Jonathan Berman is a postdoctoral fellow at the University of Texas Health San Antonio, and also one of the organizers for the March for Science.  The March for Science was an amazing global phenomenon that occurred on April 22, 2017, where people all over the world participated in local marches in support of science.  He discusses the genesis of this movement, the politicization of science, how to combat fake information on the internet, dealing with feedback through social media, and his favorite joke when he was a stand-up comedian. The MicroCase for listeners to solve is about Helen Wheels, a high powered international lawyer, who gets a mysterious disease when the passenger sitting next to her on an international flight is dragged off the plane.

Discussants (in alphabetical order):

Jonathan Berman (UTHSCSA)

Karl Klose, Ph.D. (UTSA)

Jesus Romo (UTSA)

Janakiram Seshu, Ph.D. (UTSA)


Jonathan Berman visited the Department of Biology at the University of Texas at San Antonio

Dr. Damian Krysan is a physician and an Associate Professor at the University of Rochester Medical Center. Dr. Krysan studies fungi, which in addition to their known roles in e.g. food spoilage and alcohol fermentation, can cause significant disease in humans.  Fungi typically cause serious and potentially fatal disease in immunocompromised people, which presents a challenge to the medical community to come up with ways to treat and prevent fungal infections in this population. Dr. Krysan is doing research to identify new anti-fungal medications. Dr. Krysan discusses fungi and fungal infections, the difficulty of identifying new anti-fungal drugs, and his interest in tiny bugs stemming from his father’s career as an entomologist studying bigger bugs. The MicroCase for listeners to solve is about LaFontaine Miraculous, the superstar baseball player with the San Antonio Fire Ants, who comes down with a mysterious illness after riding his ATV.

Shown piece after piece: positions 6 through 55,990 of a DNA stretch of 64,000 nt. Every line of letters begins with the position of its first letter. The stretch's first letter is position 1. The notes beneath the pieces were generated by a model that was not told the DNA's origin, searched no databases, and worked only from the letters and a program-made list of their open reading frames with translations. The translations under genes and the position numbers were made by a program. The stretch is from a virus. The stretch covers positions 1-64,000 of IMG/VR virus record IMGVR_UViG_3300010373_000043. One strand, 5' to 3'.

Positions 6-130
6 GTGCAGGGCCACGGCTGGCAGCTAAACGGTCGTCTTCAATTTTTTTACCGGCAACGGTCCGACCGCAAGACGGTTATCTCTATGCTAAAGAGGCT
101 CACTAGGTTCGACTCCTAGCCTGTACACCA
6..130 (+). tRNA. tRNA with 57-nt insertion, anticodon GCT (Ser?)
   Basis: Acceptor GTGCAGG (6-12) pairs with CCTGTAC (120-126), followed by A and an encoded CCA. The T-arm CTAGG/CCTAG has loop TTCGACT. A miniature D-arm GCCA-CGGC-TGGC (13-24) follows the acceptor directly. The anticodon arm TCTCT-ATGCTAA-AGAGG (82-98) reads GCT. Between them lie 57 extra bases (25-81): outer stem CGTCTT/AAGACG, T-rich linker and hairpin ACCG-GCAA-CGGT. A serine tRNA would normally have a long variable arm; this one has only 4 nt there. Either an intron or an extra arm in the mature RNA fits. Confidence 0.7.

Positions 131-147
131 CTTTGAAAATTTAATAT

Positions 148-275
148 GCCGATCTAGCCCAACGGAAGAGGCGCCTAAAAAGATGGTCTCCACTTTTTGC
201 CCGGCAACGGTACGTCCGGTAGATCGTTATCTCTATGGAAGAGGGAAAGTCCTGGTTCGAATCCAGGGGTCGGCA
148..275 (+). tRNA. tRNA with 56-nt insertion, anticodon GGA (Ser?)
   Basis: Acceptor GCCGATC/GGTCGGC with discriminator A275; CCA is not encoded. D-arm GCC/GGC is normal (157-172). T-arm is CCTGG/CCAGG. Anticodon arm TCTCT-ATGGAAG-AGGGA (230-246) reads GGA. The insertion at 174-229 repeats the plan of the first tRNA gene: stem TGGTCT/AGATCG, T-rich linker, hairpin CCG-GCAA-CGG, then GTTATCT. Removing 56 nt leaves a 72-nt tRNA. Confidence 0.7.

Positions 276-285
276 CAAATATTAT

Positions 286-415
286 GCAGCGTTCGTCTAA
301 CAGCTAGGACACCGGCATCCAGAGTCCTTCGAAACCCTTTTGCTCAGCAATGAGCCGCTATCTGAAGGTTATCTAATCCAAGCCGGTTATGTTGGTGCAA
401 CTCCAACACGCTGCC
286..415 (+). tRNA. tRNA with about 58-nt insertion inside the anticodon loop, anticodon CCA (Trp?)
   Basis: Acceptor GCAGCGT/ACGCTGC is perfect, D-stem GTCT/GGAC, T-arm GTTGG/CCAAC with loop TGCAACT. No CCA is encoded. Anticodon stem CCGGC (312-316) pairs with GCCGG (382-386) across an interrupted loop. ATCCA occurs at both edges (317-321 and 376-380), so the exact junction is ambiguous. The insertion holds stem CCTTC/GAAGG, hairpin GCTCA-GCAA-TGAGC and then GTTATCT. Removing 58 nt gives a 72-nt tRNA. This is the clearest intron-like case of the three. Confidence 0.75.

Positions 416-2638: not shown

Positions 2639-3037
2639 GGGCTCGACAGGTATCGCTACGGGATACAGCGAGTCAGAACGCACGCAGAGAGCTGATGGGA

Discussants (in alphabetical order):
Dr. Karl Klose (Professor and director of STCEID, UTSA)
Dr. Jose Lopez-Ribot (Professor and Associate director of STCEID,  UTSA)
Dr. Floyd Wormley (Professor, STCEID, UTSA)


Dr. Sangkon Oh is an Investigator and Adjunct Professor at the Baylor Institute for Immunology Research in Dallas. Dr. Oh studies dendritic cells, which are critical cells of the immune system that are typically the first cells to recognize invading microbes and alert the rest of the immune system to develop a protective response to eradicate the threat.  In this regard, they act as a “burglar alarm”, and by manipulating and shaping the dendritic cell response during vaccination, the immune system can be coaxed into providing protection against not just invading microorganisms, but also autoimmune diseases and cancer.    Dr. Oh discusses some of the exciting possibilities of targeting dendritic cells to vaccinate against cancer and autoimmune disease, and philosophizes whether humans can keep curing diseases until they live forever. He talks about his passion for science that led him to sleep in the lab so he could do more experiments.  The MicroCase for listeners to solve is about Sally, who got very sick after eating a can of beans.

Discussants (in alphabetical order):
Dr. Neal Guentzel (Professor and Parliamentarian of STCEID, UTSA)

Dr. Karl Klose (Professor and Director of STCEID,  UTSA)